Each country with milk banks, have their own guidelines for donor mums. In some countries, if you’ve had a blood transfusion, are vegetarian/vegan, drink herb teas, etc., you are unlikely to be allowed to donate. Some countries have a blood transfusion deadline of about 20 years ago, some countries one year ago. There’s certainly no universal consensus on this.
Many women happily consume raspberry leaf tea or fennel tea while they’re lactating. Excluding these women from milk donation is ludicrous, and a joke given it’s ok to have seven cups of coffee a day! Excluding women like me, who abstain from flesh, is ludicrous. Our children have thrived on our fennel-laced breast milk.
My main reservation with milk banking is that the milk is pasteurised and pooled (with other mother’s milks). Any *living* food is rendered inadequate by heat treatment. Some places, like Norway, are experimenting with offering ‘raw’ breast milk for babies in need. This is a much more enlightened approach.
For many centuries in Britain, it was common for wet nurses to feed babies. Sadly the reasons used including protecting a mother’s figure (!!) or allowing wealthier women to be emotionally removed from their children. Wet nursing went out of fashion when doctors believed some infections might have been transmitted through breast milk…and lo and behold, crap in a can was invented for women who *didn’t want* to breastfeed.
I believe it is highly unlikely that a woman who is passionate about breast milk, would knowingly breastfeed another woman’s child if she had a transmittable/infectious disease.
The media has recently latched-on (no pun intended!) the idea of wet-nursing, no doubt to ignite people’s interest in something unusual, however recorded history shows wet nursing occurring as far back as 2000 BC in the Code of Hammurabi. A wet nurse was hired for Moses and written about in 1250BC (Old Testament’s Book of Exodus). Turned out that the wet nurse was actually his mother, but the employer didn’t know that!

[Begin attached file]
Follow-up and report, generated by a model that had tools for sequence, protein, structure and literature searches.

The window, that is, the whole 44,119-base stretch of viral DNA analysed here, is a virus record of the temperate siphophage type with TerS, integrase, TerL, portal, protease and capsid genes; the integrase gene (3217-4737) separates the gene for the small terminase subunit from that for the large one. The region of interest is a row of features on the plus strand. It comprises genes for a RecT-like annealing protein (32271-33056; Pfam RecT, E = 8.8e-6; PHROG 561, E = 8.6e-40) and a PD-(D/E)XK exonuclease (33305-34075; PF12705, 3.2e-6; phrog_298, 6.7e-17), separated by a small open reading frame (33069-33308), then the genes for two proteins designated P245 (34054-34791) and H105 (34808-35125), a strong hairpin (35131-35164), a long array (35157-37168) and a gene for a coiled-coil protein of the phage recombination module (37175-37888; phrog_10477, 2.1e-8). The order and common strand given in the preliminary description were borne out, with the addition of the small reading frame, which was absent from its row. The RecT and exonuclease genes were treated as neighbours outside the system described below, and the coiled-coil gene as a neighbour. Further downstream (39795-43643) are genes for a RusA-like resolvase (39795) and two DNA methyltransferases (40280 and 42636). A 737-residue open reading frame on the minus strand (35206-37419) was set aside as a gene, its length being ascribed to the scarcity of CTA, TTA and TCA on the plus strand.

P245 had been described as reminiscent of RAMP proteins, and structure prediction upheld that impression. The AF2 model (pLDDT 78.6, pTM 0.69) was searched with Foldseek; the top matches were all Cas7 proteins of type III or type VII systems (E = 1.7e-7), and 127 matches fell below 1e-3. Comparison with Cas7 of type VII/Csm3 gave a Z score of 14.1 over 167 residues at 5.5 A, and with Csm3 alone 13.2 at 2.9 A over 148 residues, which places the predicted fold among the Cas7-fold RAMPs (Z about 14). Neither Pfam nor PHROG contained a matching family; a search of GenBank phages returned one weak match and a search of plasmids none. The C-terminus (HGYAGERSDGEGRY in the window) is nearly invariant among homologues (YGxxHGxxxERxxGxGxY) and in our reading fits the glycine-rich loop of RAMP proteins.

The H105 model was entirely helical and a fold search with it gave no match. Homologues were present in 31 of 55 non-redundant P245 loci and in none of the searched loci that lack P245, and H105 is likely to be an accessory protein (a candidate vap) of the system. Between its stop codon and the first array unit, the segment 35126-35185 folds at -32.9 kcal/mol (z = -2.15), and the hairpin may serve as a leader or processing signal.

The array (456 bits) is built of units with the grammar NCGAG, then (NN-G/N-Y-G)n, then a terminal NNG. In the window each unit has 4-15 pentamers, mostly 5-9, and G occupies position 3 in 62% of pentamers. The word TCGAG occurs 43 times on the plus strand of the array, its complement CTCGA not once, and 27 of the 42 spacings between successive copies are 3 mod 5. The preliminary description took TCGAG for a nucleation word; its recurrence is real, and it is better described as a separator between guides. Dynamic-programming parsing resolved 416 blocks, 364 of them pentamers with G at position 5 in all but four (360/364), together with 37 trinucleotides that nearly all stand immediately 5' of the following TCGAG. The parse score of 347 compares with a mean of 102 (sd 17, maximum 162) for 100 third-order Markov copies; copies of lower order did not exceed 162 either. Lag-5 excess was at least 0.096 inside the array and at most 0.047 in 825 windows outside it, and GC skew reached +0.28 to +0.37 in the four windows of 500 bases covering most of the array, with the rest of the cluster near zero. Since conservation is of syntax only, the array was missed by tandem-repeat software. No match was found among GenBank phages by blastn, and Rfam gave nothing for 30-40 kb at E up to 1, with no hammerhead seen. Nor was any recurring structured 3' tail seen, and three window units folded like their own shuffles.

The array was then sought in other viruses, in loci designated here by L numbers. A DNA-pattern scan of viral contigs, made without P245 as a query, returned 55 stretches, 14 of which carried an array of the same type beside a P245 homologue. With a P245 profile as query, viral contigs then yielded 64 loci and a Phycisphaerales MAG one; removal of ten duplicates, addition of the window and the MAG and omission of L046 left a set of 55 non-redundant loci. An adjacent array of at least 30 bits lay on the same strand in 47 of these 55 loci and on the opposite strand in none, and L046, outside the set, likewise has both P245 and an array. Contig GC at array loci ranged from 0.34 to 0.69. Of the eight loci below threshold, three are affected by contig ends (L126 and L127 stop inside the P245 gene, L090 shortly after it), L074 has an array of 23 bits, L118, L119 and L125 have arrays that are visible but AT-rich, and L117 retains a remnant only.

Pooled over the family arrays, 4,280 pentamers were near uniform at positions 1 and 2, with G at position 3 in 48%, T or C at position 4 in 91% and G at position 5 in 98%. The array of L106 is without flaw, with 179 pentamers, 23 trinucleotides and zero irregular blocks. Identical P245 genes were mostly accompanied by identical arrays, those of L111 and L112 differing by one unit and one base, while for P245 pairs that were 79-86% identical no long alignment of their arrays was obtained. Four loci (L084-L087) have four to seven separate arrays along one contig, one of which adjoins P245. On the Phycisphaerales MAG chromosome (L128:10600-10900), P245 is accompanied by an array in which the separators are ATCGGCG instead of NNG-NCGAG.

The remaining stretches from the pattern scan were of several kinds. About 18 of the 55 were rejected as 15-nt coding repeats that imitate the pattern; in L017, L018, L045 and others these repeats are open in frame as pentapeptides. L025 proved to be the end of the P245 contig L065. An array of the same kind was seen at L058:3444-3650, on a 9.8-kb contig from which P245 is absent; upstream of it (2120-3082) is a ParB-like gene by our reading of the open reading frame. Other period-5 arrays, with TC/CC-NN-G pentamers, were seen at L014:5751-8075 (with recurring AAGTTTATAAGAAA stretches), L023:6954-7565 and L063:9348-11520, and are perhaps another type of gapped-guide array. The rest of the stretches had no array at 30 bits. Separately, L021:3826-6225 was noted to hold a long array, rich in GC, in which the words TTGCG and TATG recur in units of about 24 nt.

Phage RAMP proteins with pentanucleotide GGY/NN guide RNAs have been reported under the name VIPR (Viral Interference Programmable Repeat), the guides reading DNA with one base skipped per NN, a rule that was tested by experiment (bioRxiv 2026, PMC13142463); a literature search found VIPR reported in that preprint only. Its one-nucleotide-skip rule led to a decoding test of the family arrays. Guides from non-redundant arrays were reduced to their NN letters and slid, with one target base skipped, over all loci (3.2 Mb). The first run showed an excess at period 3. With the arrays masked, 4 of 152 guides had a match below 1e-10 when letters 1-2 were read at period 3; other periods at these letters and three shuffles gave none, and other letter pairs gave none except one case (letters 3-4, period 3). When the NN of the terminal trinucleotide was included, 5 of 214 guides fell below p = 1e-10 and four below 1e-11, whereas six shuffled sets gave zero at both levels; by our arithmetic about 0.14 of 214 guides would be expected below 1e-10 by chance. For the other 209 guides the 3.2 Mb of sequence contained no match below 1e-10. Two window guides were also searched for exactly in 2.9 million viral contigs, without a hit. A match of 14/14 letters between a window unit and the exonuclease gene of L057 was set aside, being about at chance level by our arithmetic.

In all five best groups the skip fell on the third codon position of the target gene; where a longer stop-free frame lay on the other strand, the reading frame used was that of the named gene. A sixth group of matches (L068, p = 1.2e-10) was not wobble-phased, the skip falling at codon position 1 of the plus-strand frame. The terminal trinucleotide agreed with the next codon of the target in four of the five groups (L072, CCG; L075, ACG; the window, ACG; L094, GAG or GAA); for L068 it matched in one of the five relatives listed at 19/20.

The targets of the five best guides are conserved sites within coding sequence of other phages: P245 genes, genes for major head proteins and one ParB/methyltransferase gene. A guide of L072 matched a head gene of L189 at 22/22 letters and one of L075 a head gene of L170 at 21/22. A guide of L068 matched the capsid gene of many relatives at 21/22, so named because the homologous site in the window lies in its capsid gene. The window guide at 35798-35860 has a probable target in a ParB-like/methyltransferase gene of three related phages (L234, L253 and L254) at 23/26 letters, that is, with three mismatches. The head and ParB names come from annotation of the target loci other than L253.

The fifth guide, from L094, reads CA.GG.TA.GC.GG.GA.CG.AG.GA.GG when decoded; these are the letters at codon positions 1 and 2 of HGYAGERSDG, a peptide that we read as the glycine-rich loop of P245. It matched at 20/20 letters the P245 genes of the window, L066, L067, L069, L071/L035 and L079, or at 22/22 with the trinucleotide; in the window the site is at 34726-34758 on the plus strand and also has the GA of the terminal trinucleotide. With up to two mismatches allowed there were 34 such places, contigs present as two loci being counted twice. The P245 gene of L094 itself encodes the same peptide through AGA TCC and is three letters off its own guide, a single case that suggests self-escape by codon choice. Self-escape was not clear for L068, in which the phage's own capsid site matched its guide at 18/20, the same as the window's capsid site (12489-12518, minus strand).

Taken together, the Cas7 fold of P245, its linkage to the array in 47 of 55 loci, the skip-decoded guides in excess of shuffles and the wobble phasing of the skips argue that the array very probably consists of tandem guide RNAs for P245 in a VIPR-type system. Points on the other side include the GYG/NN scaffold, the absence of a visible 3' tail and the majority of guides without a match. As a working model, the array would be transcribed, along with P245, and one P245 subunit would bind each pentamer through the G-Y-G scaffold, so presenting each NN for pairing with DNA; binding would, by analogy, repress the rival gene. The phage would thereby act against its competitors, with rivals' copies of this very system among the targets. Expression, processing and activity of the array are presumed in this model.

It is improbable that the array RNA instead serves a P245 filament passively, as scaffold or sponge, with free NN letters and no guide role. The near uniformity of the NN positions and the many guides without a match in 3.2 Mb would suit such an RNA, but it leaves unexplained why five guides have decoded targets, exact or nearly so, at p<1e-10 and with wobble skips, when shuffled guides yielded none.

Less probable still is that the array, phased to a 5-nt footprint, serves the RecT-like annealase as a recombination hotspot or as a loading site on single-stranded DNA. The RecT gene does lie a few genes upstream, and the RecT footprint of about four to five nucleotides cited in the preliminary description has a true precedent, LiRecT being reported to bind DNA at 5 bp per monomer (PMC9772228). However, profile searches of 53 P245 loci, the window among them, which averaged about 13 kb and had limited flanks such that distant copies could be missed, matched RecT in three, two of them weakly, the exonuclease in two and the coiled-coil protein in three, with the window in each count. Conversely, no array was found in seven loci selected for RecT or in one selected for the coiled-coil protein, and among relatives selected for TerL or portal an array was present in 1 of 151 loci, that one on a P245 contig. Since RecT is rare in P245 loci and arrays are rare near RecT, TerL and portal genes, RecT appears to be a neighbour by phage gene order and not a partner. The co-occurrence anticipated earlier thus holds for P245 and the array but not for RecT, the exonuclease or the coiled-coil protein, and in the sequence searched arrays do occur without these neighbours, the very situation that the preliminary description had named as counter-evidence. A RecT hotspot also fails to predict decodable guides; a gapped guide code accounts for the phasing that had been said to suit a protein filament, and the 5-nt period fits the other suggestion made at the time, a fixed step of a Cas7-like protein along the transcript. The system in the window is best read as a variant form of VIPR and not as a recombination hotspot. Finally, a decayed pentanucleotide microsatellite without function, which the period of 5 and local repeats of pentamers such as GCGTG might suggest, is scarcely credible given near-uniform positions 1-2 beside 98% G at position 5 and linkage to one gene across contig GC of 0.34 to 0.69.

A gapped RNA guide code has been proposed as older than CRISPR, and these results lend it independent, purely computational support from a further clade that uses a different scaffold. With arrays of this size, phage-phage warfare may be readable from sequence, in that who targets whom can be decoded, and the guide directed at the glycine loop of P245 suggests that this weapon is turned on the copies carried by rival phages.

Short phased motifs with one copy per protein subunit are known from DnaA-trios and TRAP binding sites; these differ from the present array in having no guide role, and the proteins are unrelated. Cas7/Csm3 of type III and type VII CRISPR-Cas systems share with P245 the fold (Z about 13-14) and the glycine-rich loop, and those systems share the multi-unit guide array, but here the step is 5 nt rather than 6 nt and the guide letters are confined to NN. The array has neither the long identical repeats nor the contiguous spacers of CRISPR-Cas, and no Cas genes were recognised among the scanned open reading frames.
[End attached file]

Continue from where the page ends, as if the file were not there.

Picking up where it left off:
In 600 AD, The Koran suggested wet nursing.
It’s always been controversial, and like many things, comes in and out of fashion. It was in the middle of the 19th Century that physicians sought out a substitute for breast milk. And the rest is history. Separating babies from their food source has been our undoing. Women were fooled into believing that artificial feeding was to be respected.
Ideally, a child will receive breast milk from her mother’s breast. But we don’t live in an ideal world and so we must be open to wet nursing and cross nursing.
One of my favourite cross nursing stories (although very sad) involved the mother of a three month old baby who was injured in a car crash.
The mother was unconscious, and clearly unable to breastfeed. Fortunately, the ‘aware’ father, although he was also injured, knew that the mother would not want the child to have formula, so he asked for donations of breast milk. When one of the women turned up at the hospital to express her milk, she thought it seemed a bit ridiculous to express it into a bottle, and so, with the father’s permission, breastfed the baby. For the duration that the mother was unable to breastfeed, five women took turns breastfeeding the baby. To me this is a beautiful story of sisterhood. The tragedy is that this understanding, this support and love, is so rare in our society.
Another story which warms my heart is of Judith Waterford ~ a wet nurse. On her 81st birthday (back in the 1800s) she was still producing milk for babies. During the prime of her wet nursing years, she managed to produce four pints a day.
If you have a personal experience of wet nursing/cross nursing, either breastfeeding someone else’s child, or your child having been breastfed by another mum, and might be open to taking part in a SENSITIVE documentary on the subject, please get in touch with me. If you get in touch, there is no commitment to be involved. (UK women only, please).